|For immediate release.|
|OTTAWA, September 19, 2016 – The Bayer-Monsanto merger raises serious questions about who controls our food and how it is produced. Equally serious questions must be raised about how this concentration diminishes biodiversity and limits our global capacity to adapt to climate change.
Climate change and unsustainable production practices are causing widespread losses of the major crops we currently rely on. The adaptive power of agricultural biodiversity is the key to maintaining and increasing food production for the future. Despite this, public funding for plant breeding in Canada and around the world has seriously declined in recent decades. Claims that the recent mega-mergers will increase research and innovation require scrutiny: only four major crops (rice, wheat, corn, and potatoes) dominate commercial agriculture. Vast resources are poured into research for these commodity crops.
In contrast, the world’s small-holder farmers have bred more than 7,000 crops and millions of varieties of these crops. Farmer-led innovation has always been at work in agriculture.
“Seed diversity is being kept alive around the planet by smallholder farmers, through breeding, use, and exchange,” says USC Canada’s Policy Director, Faris Ahmed. “The mergers will do little to support this active conservation.”
“These consolidated companies control huge amounts of seed germplasm and do not easily share this material with other plant breeders. This lack of access to seed diversity dramatically restricts what public and independent plant breeders can achieve,” says Dan Brisebois, a family farmer and breeder at Tourne-Sol Co-operative Farm in Quebec.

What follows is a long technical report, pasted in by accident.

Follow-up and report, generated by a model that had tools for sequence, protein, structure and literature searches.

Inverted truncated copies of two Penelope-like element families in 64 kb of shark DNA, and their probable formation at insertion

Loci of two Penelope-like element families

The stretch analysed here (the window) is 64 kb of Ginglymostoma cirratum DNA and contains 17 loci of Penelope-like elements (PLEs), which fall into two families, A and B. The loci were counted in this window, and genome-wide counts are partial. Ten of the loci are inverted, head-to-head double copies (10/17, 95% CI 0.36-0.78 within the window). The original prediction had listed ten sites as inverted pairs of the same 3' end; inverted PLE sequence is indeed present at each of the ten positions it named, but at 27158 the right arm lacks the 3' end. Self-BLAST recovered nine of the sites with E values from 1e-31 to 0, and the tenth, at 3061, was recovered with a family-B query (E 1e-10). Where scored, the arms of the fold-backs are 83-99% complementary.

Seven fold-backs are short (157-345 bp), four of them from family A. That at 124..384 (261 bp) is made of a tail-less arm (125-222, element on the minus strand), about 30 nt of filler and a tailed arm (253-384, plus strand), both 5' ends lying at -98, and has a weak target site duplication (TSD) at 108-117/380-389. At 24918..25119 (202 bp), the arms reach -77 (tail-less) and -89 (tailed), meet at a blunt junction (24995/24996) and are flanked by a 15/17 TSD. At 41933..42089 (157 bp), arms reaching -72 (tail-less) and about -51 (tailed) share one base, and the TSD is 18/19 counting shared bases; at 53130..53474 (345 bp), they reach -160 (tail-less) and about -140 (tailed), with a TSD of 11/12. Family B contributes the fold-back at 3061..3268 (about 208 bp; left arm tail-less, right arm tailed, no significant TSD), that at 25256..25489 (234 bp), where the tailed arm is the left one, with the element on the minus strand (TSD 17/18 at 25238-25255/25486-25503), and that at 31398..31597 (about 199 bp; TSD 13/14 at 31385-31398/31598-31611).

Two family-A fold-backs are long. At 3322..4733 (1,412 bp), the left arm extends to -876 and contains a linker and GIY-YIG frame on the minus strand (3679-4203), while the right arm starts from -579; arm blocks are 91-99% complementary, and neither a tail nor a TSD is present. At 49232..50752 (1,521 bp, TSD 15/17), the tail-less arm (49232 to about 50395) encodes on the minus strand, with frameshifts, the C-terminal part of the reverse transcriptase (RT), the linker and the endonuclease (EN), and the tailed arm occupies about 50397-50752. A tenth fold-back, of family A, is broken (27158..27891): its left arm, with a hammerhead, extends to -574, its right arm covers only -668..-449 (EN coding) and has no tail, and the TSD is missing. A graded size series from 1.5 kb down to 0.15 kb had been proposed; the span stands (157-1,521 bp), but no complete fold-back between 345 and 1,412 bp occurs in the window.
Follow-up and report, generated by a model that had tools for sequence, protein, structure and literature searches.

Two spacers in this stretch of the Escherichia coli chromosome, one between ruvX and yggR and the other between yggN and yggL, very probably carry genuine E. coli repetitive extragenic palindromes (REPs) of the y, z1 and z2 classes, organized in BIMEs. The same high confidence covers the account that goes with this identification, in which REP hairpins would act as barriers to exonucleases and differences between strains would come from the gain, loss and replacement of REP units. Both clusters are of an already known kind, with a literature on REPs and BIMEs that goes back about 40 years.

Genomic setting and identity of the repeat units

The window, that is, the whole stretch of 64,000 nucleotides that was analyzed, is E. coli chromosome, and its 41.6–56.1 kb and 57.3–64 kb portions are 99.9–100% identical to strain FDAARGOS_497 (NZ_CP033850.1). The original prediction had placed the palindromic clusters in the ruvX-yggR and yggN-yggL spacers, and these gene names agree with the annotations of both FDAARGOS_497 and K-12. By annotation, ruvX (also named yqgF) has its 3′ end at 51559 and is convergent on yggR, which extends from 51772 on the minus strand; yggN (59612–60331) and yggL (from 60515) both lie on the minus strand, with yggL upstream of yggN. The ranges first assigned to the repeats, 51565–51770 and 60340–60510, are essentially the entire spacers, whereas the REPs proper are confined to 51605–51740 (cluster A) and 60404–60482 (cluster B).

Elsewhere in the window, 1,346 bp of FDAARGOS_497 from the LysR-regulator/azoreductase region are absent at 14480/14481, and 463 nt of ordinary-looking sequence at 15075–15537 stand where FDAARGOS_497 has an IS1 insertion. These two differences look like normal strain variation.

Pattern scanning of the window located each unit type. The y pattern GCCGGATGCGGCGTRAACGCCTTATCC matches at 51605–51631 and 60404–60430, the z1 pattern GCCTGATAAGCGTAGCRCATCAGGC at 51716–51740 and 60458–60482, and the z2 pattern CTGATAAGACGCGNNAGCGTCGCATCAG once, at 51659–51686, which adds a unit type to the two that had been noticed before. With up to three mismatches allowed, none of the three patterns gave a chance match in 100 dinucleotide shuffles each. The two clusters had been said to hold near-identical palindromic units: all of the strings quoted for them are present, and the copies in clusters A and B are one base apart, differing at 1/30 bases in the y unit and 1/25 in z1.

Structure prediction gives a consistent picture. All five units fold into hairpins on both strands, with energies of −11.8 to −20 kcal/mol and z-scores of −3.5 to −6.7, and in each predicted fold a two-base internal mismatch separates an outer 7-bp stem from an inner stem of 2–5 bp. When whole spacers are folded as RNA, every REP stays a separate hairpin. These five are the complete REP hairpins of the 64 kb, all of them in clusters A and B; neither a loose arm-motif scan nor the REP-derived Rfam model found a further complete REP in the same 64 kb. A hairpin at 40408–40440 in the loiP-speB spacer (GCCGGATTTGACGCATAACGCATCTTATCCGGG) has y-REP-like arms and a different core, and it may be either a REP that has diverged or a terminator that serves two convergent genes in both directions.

Bob Wildfong, Director of Seeds of Diversity Canada, says, “Small farmers in Canada and around the world have the crop biodiversity that will re-build future food security. Most farmers can’t get that vast diversity though, because the companies that own the big seed multiplication farms, the marketing chains, and the seed delivery will only provide farm-scale quantities of a few varieties.”
Wildfong says that the role of seeds has not received adequate attention, even though they are the heart of our food system. “We have forgotten to hold seed suppliers to the same high standards that we expect from food suppliers,” he says.
“It’s really small farmers, not larger companies, that preserve our biodiversity,” says Faris Ahmed. “What we need to ask is what kind of agriculture will feed the world for generations to come? Will it be a highly concentrated and restrictive system? Or will it be an agriculture grounded in biodiversity and choice?”
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|For more information:
Sheila Petzold, Communications Director: email@example.com (613) 234 6827 x 245